Gazette: Column On UMass Being Proactive With Football Move - UMass Athletics

Gazette: Column On UMass Being Proactive With Football Move

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In the Daily Hampshire Gazette, Matt Vautour has a column on the move of UMass to FBS and playing its games at Gillette Stadium. He explains the reasoning behind it. Read it here



 I'm not good at snap judgments. But after several days, here's what I've come up with.

I don't know if the University of Massachusetts playing Bowl Subdivision football in Foxborough is going to work. But I think it's worth a shot because it's the best option UMass has.


Realistically, if UMass wants to move up, it had to happen in Foxborough. Gillette offers a shiny new stadium that recruits are going to want to play in.

If UMass hadn't moved up, moving backward might eventually have been the only choice as the status quo isn't going to be an option for much longer. Championship level FCS football in the Northeast is dying. The CAA is clearly becoming a southern-based conference. Old Dominion and Georgia State were added ahead of Fordham, shifting the league's latitude even lower and the price of travel even higher.


Playing Bowl Subdivision football in Foxborough best option for UMass

AMHERST - I'm not good at snap judgments. But after several days, here's what I've come up with.

I don't know if the University of Massachusetts playing Bowl Subdivision football in Foxborough is going to work. But I think it's worth a shot because it's the best option UMass has.

I am very sympathetic to the longtime loyal fans who've been going to McGuirk Stadium for years. They supported the Minutemen playing a level of football that most of the world didn't care much about and I'm sure this feels to them like the Browns being ripped out of Cleveland.

I've received quite a few emails in the past few days from people who like the idea of UMass playing FBS football, but think it should be in Amherst in a renovated McGuirk. That was never a choice.

It's a nice idea. But I've yet to hear a version of that argument that mentions who is paying for a new stadium. I'm just guessing, but a conservative estimate for expanding the stadium to a legitimate 30,000-35,000 seating capacity would be at least $100 million for even a bare-bones effort and probably more. I don't see the state footing that bill and UMass' chances of fundraising that much in any reasonable period of time is zero.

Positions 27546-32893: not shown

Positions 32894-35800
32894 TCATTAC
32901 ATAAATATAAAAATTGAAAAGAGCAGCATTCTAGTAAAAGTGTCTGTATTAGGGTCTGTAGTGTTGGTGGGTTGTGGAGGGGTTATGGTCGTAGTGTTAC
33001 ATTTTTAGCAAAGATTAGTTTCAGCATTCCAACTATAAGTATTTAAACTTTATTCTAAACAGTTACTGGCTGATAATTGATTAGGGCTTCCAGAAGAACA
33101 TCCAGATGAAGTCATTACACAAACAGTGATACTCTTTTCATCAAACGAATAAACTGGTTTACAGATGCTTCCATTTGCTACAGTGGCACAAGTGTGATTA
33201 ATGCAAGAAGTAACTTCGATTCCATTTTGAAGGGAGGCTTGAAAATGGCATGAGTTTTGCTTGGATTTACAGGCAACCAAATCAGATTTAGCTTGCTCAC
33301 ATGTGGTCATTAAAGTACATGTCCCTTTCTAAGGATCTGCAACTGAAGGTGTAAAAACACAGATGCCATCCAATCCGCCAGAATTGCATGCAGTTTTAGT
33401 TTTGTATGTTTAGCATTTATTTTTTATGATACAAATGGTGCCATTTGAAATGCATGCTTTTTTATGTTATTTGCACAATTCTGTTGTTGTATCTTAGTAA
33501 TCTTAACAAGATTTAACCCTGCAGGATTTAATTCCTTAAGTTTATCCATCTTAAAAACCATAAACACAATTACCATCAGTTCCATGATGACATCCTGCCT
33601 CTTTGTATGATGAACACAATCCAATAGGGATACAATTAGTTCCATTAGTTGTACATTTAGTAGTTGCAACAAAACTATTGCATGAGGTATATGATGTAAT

Even if it built a stadium, could UMass get 30,000 people to show up? That represents a fairly sizable percentage of the population of the Pioneer Valley. Has any event ever drawn that many people in this third of the state?

If they did show up, could the infrastructure actually hold them? Anyone who has ever driven from Amherst to Northampton in the late afternoon knows how ill-equipped the roads are to handle high volume. Imagine the traffic for a football game. One tractor driving on Route 9 from Belchertown to Amherst could cause backup for 20 miles.

If basketball fans are any indication, UMass football fans will demand some high-profile nonconference opponents. Michigan, Penn State and maybe someday even Notre Dame might come to Foxborough. They aren't coming to Amherst.

Realistically, if UMass wants to move up, it had to happen in Foxborough. Gillette offers a shiny new stadium that recruits are going to want to play in.

If UMass football ends up back in Amherst, it will be failure.

If UMass hadn't moved up, moving backward might eventually have been the only choice as the status quo isn't going to be an option for much longer. Championship level FCS football in the Northeast is dying. The CAA is clearly becoming a southern-based conference. Old Dominion and Georgia State were added ahead of Fordham, shifting the league's latitude even lower and the price of travel even higher.

Rhode Island already waved the white flag and is moving down. Villanova could be in the Big East before long, and given Maine and New Hampshire's lack of investment, you have to wonder how long they can remain competitive. If UNH coach Sean McDonnell left tomorrow, how long could the Wildcats stay a playoff team, given their poor facilities and no recruiting base?

While UMass had better resources than its northern neighbors, it was falling well behind its southern rivals. Would the Minutemen have stayed in the CAA without UNH, Maine, Rhode Island and Villanova? Doubtful.

Anyone from a real college football hotbed is laughing at this. It's nothing for fans in Oklahoma, Nebraska, Texas and all over SEC country to drive several hours with those little flags on their windows for every home football game.

It's part of the experience. A two-hour drive to Foxborough is nothing by comparison.

So I'm guessing the more passionate fans will find the ride to Foxborough isn't as bad as they thought and the more casual fans will find another way to spend Saturday afternoons.

I don't know if this is the start of something great for UMass or a boondoggle that will be a cautionary tale for programs in the future.

But it seems like for now, it's worth a shot.

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